• A friend that is willing to simply listen – I don’t often talk about the day that we lost our mum but when I do I feel such a sense of relief. As the saying goes… ‘A problem shared is a problem halved(ish)’. I also find that by talking about her to friends and family, it keeps her memory alive. I LOVE reminiscing and watching home videos. Such happy memories. This doesn’t work for everyone though as I know that my Dad particularly struggles with seeing pictures and videos that hold such precious memories.
  • Cry – Don’t be afraid to let out your emotion. I always feel so much better after a good cry, even if it’s for no reason. There is so much stigma especially around men ‘manning up’. I HATE THIS! It is just as hard for men as it is for women. Who the f cares what people think, let it all out whether it be in the comfort of your own home or in the middle of the office.
  • Exercise – This has been recommended to me a number of times. I have never been a big gym goer but when I did manage to encorporate it into my routine last year I felt so much better for it. This isn’t absolutely necessary though. Taking in the fresh air on a walk in the countryside really helps to clear my head when I’m having one of my bad days.
  • Continuing traditions – My mum LOVED Christmas. Every year was made so magical by the varying traditions she did for us. I could write a whole other post on this so I won’t go into detail, but again carrying on some of these traditions really keeps her memory alive. I know that if we stopped celebrating this time of year since losing her she’d be turning in her grave!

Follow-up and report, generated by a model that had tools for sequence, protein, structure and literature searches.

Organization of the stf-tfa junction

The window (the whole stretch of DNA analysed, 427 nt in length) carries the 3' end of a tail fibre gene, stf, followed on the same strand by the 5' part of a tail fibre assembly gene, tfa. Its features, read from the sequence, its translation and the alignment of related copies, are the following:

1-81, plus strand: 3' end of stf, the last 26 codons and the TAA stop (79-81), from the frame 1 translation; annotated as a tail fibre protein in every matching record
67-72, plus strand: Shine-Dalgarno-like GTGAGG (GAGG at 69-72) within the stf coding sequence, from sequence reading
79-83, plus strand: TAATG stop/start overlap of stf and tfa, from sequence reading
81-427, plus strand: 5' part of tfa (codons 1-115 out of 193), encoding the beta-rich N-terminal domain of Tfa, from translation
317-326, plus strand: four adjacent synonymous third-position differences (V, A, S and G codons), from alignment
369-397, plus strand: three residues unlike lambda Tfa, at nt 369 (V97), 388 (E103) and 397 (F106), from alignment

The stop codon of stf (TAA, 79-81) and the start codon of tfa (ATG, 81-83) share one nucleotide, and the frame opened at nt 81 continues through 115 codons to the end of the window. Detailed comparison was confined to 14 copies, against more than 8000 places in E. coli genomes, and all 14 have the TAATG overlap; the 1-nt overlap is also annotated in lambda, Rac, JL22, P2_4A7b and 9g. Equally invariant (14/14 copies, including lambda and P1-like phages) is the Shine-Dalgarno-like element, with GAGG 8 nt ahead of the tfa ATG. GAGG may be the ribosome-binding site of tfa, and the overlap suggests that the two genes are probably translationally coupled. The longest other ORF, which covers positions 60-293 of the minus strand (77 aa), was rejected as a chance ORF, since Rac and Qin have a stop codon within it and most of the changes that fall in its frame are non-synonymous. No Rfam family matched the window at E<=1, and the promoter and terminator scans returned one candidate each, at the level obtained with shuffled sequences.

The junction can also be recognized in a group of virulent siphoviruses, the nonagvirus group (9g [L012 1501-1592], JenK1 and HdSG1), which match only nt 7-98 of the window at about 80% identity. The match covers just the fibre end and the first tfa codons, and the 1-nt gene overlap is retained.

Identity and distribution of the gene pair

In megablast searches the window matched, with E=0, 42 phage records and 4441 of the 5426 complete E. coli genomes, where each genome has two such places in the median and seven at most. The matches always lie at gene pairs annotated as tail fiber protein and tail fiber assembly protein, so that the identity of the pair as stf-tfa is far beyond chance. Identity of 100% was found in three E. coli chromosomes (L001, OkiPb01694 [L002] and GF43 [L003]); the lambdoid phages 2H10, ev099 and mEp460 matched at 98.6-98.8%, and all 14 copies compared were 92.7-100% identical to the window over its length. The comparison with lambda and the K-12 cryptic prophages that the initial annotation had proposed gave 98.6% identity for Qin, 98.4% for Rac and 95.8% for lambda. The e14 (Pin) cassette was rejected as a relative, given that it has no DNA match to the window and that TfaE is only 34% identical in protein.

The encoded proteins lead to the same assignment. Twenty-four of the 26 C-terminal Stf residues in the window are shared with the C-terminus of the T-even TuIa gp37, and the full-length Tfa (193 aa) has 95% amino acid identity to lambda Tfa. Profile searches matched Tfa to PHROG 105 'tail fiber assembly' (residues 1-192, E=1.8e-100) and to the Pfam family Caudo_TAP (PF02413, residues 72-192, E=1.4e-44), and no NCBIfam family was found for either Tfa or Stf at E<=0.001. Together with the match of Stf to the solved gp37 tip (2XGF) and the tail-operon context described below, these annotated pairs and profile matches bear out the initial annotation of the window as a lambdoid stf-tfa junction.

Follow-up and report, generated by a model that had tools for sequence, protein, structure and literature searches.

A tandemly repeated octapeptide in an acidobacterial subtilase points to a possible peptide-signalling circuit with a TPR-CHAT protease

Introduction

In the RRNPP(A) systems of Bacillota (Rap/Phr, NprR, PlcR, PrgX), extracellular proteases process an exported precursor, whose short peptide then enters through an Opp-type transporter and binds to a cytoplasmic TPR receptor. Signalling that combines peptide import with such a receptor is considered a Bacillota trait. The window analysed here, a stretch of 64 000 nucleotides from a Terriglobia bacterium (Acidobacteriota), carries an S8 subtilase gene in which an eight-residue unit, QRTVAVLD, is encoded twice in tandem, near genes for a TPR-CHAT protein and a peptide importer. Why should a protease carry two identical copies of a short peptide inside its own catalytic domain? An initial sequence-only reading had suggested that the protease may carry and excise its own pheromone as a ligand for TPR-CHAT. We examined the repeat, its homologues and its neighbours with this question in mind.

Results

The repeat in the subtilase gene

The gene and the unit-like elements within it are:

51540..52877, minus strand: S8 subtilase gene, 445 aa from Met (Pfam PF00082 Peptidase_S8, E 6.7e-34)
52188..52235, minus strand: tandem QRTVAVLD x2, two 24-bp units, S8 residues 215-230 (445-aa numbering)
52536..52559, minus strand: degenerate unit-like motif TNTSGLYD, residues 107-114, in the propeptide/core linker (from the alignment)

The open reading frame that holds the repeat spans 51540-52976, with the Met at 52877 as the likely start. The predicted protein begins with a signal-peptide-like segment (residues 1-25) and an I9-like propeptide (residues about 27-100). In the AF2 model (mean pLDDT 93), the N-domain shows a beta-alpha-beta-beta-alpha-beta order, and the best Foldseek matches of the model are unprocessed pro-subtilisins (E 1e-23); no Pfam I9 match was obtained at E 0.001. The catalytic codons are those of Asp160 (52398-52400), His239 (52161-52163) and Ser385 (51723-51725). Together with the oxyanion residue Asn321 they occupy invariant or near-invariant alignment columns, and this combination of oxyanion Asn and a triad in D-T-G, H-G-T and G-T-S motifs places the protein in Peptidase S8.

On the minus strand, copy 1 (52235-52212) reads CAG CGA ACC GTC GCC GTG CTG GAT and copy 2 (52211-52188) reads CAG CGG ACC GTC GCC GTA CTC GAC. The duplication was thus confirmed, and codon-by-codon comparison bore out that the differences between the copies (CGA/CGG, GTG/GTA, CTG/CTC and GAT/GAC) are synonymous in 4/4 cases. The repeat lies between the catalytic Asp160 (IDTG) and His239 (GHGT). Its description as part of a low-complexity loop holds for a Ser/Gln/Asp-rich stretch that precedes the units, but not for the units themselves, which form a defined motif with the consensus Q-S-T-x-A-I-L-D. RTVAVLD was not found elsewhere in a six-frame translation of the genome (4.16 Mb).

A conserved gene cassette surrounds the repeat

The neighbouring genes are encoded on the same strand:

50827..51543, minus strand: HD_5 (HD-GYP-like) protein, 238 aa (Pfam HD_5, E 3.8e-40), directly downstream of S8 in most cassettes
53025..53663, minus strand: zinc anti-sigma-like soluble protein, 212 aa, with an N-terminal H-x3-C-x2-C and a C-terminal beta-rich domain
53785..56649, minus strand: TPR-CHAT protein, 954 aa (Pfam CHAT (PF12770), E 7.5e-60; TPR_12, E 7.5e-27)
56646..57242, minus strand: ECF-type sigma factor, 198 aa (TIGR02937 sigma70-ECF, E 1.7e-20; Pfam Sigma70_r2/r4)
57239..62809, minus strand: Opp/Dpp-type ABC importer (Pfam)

• Charities – I didn’t take advantage of what these amazing charities had to offer but three that were recommended to me were MIND, St. Richards Hospice (a local charity) and the bereavement trust.

I am by no means suggesting that this is what you should do to get through the loss of someone so close to your heart. I am simply highlighting what is available. Everyone has different ways of dealing with such an event and there are certainly no rules. I can assure you I didn’t follow any but I knew barely anyone that had been through what I had apart from my own Mum. Not helpful! This is why I have written this post to reassure you that, in the words of the late Michael Jackson, you are NOT alone. I would love to think that I can be of help, even if it’s to one other person.

H x